Patterns to Success Part IV

The Patterns to Success part 4

"I like's me Cookies."

Well hopefully you've got the patterns in your fingers and
most of the ideas in your head.

I know it's smokey up in your head but I think I see some
room next to the dangers of playing with matches.

Were gonna get into the numerical aspect which you
probably already have grasped or got a good idea about.

No matter what anyone tells you numbers are very very important in music.

If you have your numbers down straight you will have an
understanding of music in general far greater than
you would without.

In the t.v. show 3rd rock from the sun there is a scene
where the character Dick sees a piano for the first time
at a family gathering. After hearing the tones he fiddles
a bit and then says "this is simple mathematics" and
continues to play the instrument fluently. While
this is a bit far fetched there is alot of truth in it
and if your familar with a piano you know it is very
easy to get acclimated quick with the notes. It's
design is the definition of simple in musical terms
but the piano as well as everyone other instrument for
that matter is nothing compared to guitar.

All other musicians can only salivate at the variety of
things a guitarist can do that they cannot.

A saxophonist can get much faster quicker, but no
matter how hard he tries he can never fully emulate a guitar.

The myriad of techniques can be talked about endlessy not
to mention the ability to play multiple notes in multiple
directions.Few instruments offer the ability to ascend or
descend in two different directions.

Back to numbers..........

C Ionian

C-1 D-2 E-3 F-4 G-5 A-6 B-7

Above we seen the C Ionian scale which is noted in the patterns as ion.

C Ionian or C major is the basis for all numbering and
every other scale or pattern is generally compared to it.

Of course when comparing minor scales one may compare to
Aeolian to make it easier to blend scales but ultimately
Aeolian is even compared to Ionian.

It is through this numerical comparison that we discover
the true differences in the scales and what exactly makes
a minor scale a minor scale,minor tonalities, smoother
scale degrees for Jazz etc........

C Lydian (shown as lyd)is C Ionian with a Sharp 4th.

C Mixolydian(shown as mix) is C Ionian with a flat 7th.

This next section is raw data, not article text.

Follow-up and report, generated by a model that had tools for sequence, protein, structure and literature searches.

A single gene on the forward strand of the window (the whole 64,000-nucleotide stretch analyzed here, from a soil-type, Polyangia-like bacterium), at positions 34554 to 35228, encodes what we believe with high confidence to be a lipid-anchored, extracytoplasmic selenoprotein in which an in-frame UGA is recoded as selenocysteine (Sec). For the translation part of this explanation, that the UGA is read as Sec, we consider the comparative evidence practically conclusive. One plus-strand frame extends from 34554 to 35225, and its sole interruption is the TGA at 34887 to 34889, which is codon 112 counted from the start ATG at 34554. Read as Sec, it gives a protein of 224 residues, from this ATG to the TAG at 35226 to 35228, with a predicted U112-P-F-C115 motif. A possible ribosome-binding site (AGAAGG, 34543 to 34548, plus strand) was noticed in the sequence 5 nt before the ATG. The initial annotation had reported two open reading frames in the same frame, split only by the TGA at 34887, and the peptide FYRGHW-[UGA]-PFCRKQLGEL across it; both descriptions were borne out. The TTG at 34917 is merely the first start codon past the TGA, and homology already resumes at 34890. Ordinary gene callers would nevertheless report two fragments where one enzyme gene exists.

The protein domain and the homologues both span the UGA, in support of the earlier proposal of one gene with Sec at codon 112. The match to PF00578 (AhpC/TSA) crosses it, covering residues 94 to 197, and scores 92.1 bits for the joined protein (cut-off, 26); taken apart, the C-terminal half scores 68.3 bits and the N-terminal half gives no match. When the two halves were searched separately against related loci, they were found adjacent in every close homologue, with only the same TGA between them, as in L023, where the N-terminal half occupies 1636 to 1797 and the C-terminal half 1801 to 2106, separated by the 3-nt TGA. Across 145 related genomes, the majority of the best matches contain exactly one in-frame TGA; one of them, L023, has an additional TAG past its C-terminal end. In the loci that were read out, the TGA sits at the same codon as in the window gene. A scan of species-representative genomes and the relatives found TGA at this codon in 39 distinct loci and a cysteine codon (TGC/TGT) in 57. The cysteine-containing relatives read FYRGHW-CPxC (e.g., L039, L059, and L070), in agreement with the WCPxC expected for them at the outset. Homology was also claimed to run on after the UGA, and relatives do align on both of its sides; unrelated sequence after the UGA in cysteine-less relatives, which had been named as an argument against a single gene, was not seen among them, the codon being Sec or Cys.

It is these slight variations that help define the true
sound of the scale.

Don't worry I will discuss every modes scales degrees or
numbers in full detail to give you an understanding of each
paticular sound and reason for the sound and applications.

This sounds difficult but it is very easy and once this notion is fully established we can take off on our journey
to soloing success.

But for now take note of the numbers in the patterns.

For instance ion or Ionian.

Take it through the patterns steps counting 1 2 3 4 5 6 7
and back to the root ion.

So number ion to ion,dor to dor, phy to phy etc

Don't be obsessive about it just be aware of the numbers.

Ionian -5th or number 5-Mixolydian

Aeolian-7th or number 7-Mixolydian

Dorian-3rd or number 3-Lydian

Lydian-5th or number 5-Ionian

Just start to get aware of the numbers and we'll get alot
more into it next time.

Don't stress or cram just absorb, have fun, be patient
If your working on the names and patterns stick with it
and if need be I can derive everything into those names
but I know the numbers will greatly help and with both
you will be unstoppable!!!!!!!!!!

In future descriptions I will describe it both ways for
those who choose to focus on one and to also help
you learn both.

"Sharpen the 7th of Aeolian, oh okay the Mixolydian note"

Fantastic rewards await!!!

"in the darkness they will gather conjuring the ONE."

Let's take a quick review.

We have presented the 5 patterns to study.

We established we only need to know these 5 patterns and
name each scale step by both

modal name


We have given the modal names in tab form identical to
the original patterns but instead of a fret number we
have replaced it with the modal name.

So if we match up both to make it easier we see the tabbed
out pattern and each scale step modal name.

We established the patterns are moveable to change key.

Each scale degree is the root of the next mode.

Let's look at some examples-


Above we see pattern #5 of the original patterns.

If we look at it in C Ionian which is our original starting

The roots would be here (for C Ionian)


Above are the roots in pattern #5 for C Ionian.